Thursday, 14 November 2019

Moth populations in steady decline in Britain, study finds


Long-running survey finds 1976 heatwave boom has been followed by dropping numbers.

Moths are declining in abundance by 10% each decade in Britain but the average weight of moths caught in traps is still double what it was in 1967, according to a new study.

Researchers studying the biomass of moths caught in the world’s longest-running insect survey said their findings suggested that if there had been an “insect armageddon” in Britain, it had occurred before scientific recording began in 1967.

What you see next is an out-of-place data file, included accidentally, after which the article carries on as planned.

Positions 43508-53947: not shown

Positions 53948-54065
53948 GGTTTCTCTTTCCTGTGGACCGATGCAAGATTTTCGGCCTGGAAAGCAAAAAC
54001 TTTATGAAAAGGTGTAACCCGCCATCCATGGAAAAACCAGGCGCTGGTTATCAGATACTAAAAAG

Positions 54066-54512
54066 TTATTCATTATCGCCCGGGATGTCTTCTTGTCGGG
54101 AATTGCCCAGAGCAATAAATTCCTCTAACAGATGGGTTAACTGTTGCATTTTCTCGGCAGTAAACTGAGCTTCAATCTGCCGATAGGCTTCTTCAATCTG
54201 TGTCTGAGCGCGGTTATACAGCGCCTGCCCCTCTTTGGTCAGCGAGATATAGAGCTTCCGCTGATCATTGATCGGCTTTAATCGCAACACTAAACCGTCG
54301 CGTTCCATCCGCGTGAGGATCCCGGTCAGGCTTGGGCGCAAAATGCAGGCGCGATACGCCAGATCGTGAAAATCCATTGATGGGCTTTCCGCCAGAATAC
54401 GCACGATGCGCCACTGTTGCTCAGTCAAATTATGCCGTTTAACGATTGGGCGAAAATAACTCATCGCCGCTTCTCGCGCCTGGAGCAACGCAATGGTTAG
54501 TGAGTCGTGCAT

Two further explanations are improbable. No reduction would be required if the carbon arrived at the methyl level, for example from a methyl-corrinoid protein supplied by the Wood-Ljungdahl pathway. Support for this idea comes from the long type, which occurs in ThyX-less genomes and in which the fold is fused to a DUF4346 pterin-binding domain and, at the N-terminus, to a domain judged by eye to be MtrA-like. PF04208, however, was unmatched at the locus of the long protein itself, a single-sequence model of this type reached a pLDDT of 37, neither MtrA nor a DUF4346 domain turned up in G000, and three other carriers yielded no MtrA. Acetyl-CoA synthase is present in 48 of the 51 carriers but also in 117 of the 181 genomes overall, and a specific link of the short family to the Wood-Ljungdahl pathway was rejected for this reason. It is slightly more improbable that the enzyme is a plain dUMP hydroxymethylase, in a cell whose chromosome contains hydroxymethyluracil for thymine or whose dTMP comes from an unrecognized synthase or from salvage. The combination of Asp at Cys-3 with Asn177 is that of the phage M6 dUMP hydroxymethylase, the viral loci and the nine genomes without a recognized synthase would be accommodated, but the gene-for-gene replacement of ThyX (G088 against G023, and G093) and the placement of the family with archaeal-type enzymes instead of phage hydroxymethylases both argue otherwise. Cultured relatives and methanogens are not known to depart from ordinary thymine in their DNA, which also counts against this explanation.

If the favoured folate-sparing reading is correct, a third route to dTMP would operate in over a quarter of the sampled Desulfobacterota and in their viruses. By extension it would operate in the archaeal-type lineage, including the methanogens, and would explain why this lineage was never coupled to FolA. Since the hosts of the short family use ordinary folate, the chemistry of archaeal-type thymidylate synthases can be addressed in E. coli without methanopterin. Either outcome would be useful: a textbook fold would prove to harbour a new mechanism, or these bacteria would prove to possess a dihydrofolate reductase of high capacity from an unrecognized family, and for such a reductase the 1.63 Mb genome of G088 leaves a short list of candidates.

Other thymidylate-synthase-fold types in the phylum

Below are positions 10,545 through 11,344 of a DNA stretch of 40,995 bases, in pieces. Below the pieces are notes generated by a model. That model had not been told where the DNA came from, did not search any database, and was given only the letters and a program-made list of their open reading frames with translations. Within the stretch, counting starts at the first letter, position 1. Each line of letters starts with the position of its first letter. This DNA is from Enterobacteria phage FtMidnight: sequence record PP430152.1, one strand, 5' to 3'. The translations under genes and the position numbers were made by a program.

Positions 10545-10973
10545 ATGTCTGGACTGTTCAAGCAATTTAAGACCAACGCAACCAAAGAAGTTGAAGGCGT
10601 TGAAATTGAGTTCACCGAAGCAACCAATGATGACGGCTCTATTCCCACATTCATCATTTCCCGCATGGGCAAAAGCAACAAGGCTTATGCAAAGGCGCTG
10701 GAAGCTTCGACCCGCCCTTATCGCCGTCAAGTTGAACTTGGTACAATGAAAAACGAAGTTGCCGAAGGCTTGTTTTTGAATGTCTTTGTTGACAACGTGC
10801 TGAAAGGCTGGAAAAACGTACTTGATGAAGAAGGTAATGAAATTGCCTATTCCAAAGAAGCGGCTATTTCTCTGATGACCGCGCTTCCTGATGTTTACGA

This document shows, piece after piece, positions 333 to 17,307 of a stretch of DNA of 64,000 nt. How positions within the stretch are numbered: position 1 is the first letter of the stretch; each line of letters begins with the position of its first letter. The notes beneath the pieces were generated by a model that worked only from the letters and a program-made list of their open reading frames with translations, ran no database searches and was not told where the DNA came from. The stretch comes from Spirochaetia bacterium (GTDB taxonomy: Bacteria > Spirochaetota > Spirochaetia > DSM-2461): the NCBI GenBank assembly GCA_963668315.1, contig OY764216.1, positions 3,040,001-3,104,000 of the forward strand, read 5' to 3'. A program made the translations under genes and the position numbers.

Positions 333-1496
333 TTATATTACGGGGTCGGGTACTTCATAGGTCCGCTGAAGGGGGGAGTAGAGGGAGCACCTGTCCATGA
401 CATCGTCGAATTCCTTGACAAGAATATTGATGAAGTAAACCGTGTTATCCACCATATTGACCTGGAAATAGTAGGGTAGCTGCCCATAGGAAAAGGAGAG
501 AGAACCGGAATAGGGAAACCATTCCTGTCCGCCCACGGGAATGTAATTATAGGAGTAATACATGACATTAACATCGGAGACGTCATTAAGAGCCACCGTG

Rather than a precipitous recent decline, scientists at the University of York found that moth populations had boomed following the 1976 heatwave – and moth biomass today was still twice as high as 1967 levels – but there had been a steady decline in abundance since 1982.

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